Denver Public Schools releases La Raza Report outlining Latino students' experiences

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Posted at 5:40 PM, Mar 19, 2024
and last updated 2024-03-20 12:31:19-04

DENVER – Denver Public Schools held a news conference on Tuesday to discuss the recently published findings of La Raza Report, an examination of the experiences of Latino students over several decades.

The report, which included historical analysis as well as qualitative and quantitative data collection was conducted by The Multicultural Leadership Center.

“The district finds itself with options for dealing with the past problems and the current challenges in serving our Latinx population,” said DPS Board of Education President Dr. Carrie A. Olson.

Olson said this week marks 55 years since students marched out of Denver West High School to protest racist Denver Public Schools policies against Latino students, like banning students from speaking Spanish. Dr. Steve Delcastillo, who helped lead the research, said decades of policies and legislation give context to current conditions for Latino students.

“You look at the 1920s, for example, when the Ku Klux Klan was here in Denver essentially kind of terrorizing the streets; the 1930s when we had the redlining that was authorized by the federal government, and quite frankly, by entitled persons in the title mortgage companies. And you'll see when you read the report, the links that tie that to direct documents and the language that was used to discriminate,” Delcastillo said.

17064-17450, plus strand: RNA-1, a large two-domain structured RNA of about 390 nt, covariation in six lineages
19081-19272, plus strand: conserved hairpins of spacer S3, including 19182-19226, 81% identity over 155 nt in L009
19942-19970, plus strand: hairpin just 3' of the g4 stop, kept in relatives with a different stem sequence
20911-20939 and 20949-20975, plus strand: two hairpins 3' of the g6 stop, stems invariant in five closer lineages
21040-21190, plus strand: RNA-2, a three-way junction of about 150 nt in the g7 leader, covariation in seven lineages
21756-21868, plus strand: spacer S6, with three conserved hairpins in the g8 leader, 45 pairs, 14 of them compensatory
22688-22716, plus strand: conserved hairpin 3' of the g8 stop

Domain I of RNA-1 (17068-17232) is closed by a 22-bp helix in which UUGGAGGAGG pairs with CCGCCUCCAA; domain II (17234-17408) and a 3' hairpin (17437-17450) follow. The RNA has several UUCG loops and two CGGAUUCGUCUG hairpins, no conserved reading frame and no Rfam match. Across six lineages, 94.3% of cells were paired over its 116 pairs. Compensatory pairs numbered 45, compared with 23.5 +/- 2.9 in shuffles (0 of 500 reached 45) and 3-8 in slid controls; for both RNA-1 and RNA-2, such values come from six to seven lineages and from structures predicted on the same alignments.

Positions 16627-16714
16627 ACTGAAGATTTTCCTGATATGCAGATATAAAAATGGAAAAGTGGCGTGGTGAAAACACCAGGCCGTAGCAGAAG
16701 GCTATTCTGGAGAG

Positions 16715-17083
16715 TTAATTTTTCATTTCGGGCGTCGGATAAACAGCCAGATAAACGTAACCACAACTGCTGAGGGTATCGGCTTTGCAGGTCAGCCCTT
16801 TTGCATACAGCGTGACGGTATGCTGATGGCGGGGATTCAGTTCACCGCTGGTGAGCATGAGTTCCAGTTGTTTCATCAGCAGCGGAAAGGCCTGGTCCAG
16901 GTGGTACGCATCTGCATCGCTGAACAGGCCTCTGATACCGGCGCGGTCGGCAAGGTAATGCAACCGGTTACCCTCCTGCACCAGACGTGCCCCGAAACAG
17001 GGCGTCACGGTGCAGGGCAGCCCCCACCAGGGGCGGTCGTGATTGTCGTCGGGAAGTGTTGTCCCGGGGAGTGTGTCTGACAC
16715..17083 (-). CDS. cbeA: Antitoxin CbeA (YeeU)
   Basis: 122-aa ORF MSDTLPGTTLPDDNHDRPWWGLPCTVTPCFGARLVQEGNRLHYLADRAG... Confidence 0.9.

Delcastillo explained quantitative data collection analyzed disparities in academic achievement.

“In general, what we saw as a trend is that the Hispanic students generally across the district performed about one standard deviation lower than their white counterparts, which just roughly translates to about 34% on their math state annual test scores as well as the ELA reading scores,” said Alex Hague, a data scientist and member of the Multicultural Leadership Center La Raza Report team.

Qualitative data collection included a survey and focus groups where students shared concerns about bullying, culturally responsive curriculum and unequal resources across schools.

“The qualitative piece that really consumed about 60% of the report, we had 51 focus groups, over 600 folks in focus groups, and got a rich amount of material. We learned a lot,” Delcastillo said. “One of the things that we found is that especially with the immigrant families, they were very positive about the experience in DPS. They felt like, yes, we have a chance to have some input.”

The report issued 35 recommendations, including creating a Latino Students Initiative to close achievement and equity gaps and coordinating with nonprofits and the City of Denver to provide wrap-around services for immigrant families.

Delcastillo said the report did not fully capture the influx of new immigrants to Denver because data collection ended in early fall 2023.

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